MTB that needs some TLC = not much value. As a keeper, it would be an interesting bike with the very unusual frame style. If you are trying to sell it, I would clean it really good, air up the tires, replace any rusty cables, and then sell in the $100 to $150 max range. As is, not much. Worth your time if you are the seller to do a little clean up. As a buyer, should be able to get it for $40 to $50 in as is condition.
That appears to be an original 1989 Alien frame. The elevated chainstay design caused quite a fuss for a few years, then largely died away, at least for hardtails. Thes were originally equipped with Shimano Deore XT-II and sold for $1000 US. SunTour XCE is quite a step down and would have knocked the retail price in almost half. I don't know what the Rochester market is like, nor the mechanical condition (outside of apparently flat and cheap tures) but cosmetically it appears surpisingly clean.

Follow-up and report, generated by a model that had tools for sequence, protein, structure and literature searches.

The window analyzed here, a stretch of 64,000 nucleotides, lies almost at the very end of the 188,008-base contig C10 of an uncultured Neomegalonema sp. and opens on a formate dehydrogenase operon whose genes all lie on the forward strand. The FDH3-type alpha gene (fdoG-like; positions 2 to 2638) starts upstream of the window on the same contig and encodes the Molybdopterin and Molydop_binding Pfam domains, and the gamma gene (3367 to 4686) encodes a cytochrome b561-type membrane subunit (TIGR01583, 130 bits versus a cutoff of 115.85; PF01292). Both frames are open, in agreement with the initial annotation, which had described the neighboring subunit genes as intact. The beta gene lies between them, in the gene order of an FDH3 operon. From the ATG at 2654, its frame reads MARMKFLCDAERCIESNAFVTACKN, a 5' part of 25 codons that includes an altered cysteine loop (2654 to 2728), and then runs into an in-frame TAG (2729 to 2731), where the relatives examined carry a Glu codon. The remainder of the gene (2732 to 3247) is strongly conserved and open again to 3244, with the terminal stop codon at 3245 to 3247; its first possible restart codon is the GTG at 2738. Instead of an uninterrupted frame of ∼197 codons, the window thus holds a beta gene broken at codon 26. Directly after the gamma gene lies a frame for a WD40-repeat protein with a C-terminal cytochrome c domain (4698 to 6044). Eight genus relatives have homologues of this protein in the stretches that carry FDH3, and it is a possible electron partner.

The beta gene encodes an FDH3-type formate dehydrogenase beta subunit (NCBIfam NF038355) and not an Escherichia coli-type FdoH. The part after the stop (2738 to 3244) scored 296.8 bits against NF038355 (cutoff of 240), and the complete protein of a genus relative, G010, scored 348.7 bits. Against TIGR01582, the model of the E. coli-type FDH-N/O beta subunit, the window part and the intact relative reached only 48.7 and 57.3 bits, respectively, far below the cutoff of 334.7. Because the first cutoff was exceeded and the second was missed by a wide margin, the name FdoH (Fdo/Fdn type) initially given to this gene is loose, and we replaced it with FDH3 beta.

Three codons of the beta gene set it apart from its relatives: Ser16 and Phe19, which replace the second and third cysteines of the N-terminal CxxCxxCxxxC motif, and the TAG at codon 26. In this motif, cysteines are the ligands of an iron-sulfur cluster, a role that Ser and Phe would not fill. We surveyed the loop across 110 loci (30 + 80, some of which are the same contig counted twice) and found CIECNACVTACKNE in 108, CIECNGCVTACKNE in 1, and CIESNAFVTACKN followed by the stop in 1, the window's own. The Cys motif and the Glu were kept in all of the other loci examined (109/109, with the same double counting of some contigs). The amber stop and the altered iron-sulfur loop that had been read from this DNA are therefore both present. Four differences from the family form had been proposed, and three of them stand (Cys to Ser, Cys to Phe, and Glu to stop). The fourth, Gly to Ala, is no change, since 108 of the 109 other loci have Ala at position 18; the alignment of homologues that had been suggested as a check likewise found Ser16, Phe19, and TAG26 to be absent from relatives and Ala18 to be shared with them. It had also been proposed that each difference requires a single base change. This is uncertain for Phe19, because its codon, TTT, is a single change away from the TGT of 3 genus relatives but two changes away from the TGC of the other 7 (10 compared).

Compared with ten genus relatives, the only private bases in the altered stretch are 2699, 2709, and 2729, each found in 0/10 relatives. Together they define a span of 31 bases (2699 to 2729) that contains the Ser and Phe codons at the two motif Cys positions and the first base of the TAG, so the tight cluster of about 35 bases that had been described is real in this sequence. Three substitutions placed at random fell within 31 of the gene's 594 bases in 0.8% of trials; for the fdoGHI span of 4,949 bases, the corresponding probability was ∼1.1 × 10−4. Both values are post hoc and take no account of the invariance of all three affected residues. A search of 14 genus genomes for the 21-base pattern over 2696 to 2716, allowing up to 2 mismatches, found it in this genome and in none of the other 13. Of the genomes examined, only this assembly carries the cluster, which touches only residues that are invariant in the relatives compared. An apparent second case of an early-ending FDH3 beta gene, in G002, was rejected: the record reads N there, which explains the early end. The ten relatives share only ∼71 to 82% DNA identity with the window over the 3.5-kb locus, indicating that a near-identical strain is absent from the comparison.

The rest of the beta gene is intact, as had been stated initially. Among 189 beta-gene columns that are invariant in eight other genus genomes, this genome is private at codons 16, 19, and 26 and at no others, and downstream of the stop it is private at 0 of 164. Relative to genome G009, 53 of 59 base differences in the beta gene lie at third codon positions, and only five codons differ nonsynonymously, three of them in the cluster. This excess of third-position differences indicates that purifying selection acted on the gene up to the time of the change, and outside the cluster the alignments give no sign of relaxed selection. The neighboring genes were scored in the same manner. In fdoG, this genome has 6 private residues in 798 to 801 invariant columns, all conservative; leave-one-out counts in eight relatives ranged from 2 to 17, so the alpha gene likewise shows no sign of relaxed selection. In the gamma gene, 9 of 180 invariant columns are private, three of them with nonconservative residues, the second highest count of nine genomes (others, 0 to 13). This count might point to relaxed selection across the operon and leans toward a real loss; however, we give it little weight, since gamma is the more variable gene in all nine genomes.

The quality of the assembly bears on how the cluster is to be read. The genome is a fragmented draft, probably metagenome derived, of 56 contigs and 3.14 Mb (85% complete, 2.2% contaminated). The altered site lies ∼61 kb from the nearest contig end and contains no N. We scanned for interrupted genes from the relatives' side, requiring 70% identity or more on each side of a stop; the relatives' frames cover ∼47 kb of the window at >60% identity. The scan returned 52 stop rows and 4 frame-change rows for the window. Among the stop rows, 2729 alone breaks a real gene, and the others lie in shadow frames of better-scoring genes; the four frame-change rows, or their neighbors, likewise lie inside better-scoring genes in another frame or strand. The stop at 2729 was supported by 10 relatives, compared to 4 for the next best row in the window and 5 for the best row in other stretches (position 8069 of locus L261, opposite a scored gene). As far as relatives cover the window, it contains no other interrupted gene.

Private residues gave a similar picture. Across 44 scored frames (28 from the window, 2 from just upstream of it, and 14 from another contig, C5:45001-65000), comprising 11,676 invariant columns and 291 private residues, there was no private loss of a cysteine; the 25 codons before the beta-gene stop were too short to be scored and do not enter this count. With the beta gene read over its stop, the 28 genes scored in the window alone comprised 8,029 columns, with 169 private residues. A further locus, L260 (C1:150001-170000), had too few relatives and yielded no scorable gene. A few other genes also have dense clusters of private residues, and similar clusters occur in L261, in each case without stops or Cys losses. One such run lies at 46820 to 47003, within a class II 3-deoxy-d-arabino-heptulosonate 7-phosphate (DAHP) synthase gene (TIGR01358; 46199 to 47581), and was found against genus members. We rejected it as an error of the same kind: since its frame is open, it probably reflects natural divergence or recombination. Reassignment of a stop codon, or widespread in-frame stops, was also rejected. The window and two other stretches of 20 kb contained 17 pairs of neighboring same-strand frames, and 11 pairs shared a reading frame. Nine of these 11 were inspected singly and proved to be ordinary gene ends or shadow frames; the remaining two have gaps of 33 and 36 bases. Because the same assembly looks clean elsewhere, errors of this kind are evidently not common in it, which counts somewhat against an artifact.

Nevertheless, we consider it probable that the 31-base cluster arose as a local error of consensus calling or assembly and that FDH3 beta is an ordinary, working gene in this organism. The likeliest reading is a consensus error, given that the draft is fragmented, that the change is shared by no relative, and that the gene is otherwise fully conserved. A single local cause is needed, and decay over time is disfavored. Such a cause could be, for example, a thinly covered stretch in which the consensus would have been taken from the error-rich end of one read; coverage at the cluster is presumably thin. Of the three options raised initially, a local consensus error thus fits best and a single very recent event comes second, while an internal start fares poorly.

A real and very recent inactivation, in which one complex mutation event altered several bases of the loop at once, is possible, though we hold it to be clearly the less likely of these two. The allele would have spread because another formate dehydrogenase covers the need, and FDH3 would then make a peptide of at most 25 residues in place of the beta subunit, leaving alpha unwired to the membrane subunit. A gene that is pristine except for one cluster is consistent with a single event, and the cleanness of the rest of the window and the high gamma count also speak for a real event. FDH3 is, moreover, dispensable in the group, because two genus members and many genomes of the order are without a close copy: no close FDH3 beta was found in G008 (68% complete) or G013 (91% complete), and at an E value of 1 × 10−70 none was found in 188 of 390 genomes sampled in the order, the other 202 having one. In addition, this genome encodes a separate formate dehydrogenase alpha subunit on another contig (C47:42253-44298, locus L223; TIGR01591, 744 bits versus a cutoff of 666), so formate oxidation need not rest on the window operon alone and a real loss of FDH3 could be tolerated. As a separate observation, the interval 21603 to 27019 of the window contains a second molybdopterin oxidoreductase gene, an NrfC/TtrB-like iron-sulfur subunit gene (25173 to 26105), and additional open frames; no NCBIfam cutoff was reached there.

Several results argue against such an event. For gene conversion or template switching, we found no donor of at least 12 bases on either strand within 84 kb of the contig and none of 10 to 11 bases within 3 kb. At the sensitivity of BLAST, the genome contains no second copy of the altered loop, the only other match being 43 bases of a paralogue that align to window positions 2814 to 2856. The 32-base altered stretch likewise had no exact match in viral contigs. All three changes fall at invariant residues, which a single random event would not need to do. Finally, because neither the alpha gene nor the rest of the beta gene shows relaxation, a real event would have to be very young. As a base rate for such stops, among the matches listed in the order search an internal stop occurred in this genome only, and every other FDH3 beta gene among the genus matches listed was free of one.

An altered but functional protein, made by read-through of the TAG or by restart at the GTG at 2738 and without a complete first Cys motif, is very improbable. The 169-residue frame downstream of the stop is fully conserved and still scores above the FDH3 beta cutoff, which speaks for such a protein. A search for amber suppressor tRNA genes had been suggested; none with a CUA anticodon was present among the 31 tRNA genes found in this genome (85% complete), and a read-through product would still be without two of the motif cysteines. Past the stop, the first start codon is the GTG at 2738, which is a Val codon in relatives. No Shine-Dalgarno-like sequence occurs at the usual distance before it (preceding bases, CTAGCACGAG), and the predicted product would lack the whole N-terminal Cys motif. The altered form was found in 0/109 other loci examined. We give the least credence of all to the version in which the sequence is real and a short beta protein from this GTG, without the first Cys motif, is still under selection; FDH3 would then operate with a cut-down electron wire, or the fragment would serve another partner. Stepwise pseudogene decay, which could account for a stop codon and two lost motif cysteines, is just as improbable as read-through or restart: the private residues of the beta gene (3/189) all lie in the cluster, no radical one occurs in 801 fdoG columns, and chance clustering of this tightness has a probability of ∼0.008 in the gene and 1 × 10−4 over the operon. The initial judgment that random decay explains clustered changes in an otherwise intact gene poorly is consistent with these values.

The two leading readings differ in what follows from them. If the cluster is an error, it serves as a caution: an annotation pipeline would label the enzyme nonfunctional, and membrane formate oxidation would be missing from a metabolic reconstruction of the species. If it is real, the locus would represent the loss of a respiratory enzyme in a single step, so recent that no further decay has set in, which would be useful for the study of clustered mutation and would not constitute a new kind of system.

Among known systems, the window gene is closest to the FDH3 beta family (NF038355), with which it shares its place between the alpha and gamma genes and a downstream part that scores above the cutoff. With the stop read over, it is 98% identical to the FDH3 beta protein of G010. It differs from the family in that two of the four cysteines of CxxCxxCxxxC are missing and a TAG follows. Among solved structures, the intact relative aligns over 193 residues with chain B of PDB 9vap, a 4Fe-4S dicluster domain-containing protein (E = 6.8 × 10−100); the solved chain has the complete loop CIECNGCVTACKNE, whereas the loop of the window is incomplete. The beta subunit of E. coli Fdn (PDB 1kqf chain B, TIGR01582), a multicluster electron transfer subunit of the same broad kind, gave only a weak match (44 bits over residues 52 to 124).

The Alien was the top of the line MTB for Nishiki that year. The bike you're looking at has the rounded tubing that I believe is steel. In 1990 through 93, the Alien had box/rectangular tubing and was made of aluminum. The later Aliens still bring nice bucks on ebay if you can find one with the headtube not cracked. The steel model was downgraded to the second place model in the 1990 line-up. The Ariel and the Cascade shared the steel frame.
If you add a nice suspension fork and some decent brakes, like V brakes those elevated chain stay bikes make great rides on single track as they have great handling charachteristics, very stable. I compared mine directly to a same vintage (1992) Trek 8500. The Trek had a superior Rock Shox air fork but couldn't come close to the handling of the Nishiki. Here's a pic I took last year out at Harris Lake park of my 92 Ariel. Note how similar it is to the 89 Alien. I believe the frames are identical.
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